There is no more contemporary issue in law right now than the issue of the recent Supreme Court decision stating that gay marriages are legal in all 50 states and are backed by the US constitution.
Although this decision by the Supremes has created as many headlines as it has controversies, from a legal perspective, the rights of the partners in a gay marriage are clearer now than ever. There is a long history and large volume of case law regarding the rights and duties of marital partners. Now, with the legalization of gay marriage, any question of marriage obligations are under the general umbrella of marital law.
However, there are still many outstanding legal questions surrounding child custody, property rights, visitation, child support, and other issues associated with divorce. Aside from this, one of the main questions to be answered is:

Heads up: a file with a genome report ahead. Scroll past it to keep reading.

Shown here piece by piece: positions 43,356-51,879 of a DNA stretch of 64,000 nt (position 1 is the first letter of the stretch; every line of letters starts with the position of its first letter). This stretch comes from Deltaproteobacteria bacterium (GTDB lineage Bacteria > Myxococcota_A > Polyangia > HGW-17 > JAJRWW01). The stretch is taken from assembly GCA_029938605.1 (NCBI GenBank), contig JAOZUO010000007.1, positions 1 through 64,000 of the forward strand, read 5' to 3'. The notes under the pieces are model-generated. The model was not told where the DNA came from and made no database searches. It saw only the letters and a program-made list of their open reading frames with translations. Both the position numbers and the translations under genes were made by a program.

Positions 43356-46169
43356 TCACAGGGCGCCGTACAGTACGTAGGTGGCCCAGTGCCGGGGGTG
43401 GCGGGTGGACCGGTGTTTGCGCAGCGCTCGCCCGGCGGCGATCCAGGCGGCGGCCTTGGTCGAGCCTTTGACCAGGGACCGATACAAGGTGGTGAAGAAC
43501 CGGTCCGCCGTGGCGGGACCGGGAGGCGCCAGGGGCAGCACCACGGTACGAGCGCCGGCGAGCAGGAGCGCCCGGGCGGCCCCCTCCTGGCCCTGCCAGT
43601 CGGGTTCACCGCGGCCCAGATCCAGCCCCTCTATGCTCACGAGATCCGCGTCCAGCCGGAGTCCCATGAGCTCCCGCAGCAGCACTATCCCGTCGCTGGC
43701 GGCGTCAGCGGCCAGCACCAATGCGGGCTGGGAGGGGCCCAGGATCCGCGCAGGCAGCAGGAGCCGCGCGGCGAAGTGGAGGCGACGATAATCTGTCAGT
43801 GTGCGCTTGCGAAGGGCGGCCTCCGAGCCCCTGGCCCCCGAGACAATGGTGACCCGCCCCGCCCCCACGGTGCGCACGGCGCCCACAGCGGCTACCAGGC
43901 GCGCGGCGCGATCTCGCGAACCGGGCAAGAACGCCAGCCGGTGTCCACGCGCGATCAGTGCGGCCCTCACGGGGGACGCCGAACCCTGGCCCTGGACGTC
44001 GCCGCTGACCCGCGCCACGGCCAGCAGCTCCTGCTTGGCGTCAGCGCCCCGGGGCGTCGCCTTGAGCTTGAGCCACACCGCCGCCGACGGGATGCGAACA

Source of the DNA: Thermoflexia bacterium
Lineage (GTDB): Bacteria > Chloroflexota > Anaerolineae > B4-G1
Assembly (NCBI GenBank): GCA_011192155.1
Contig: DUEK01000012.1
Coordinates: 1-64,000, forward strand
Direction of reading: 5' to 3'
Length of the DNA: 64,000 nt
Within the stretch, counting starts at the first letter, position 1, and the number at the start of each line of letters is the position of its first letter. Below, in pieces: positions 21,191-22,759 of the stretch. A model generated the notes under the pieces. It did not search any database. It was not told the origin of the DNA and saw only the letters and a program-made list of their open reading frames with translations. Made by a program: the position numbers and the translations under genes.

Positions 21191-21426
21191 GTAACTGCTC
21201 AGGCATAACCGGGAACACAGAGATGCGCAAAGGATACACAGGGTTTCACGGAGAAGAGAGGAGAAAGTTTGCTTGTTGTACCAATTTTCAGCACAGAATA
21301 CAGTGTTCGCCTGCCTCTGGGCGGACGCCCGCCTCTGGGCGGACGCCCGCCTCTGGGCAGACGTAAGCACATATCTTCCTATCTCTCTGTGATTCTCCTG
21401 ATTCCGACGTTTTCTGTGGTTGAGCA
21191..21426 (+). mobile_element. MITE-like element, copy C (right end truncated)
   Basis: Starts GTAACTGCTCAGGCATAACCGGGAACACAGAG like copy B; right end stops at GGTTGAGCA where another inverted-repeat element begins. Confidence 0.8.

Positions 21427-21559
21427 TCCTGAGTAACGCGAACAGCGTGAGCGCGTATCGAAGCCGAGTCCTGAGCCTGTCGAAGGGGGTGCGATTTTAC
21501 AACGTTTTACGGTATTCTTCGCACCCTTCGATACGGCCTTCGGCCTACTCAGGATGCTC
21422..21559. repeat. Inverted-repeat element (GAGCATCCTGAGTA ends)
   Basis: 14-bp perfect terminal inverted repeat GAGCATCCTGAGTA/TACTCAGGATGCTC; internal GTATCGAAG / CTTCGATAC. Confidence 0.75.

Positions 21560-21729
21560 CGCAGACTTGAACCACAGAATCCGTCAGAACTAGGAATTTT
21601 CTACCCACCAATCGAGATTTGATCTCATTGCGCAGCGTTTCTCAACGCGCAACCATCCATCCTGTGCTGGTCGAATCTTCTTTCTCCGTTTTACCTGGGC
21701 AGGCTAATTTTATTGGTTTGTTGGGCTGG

What happens to the property prior to the legalization of gay marriage?
In the past, in those states that did not recognize gay marriage, the protection of the individual partner’s rights was usually accomplished through a contractual agreement such as a partnership agreement. Prior to the legalization of gay marriage, gay couples would protect each other’s right of survivorship by placing property into trusts, corporations or limited liability corporations to protect creditors and to give a surviving spouse the rights to the relationship property.
These existing legal agreements create complexities if the couple now wants to be married. Once the couple is married, the agreements will either have to be adjusted or voided.
In general, the best advice is to take an estate planning approach—i.e. creating a will, trusts, designating beneficiaries, powers of appointment, property ownership and powers of attorney—for those couples planning to marry so that there aren’t any complications after the happy wedding bells have been rung. Just make sure you choose a lawyer with the kind of depth and experience need to handle these complex issues.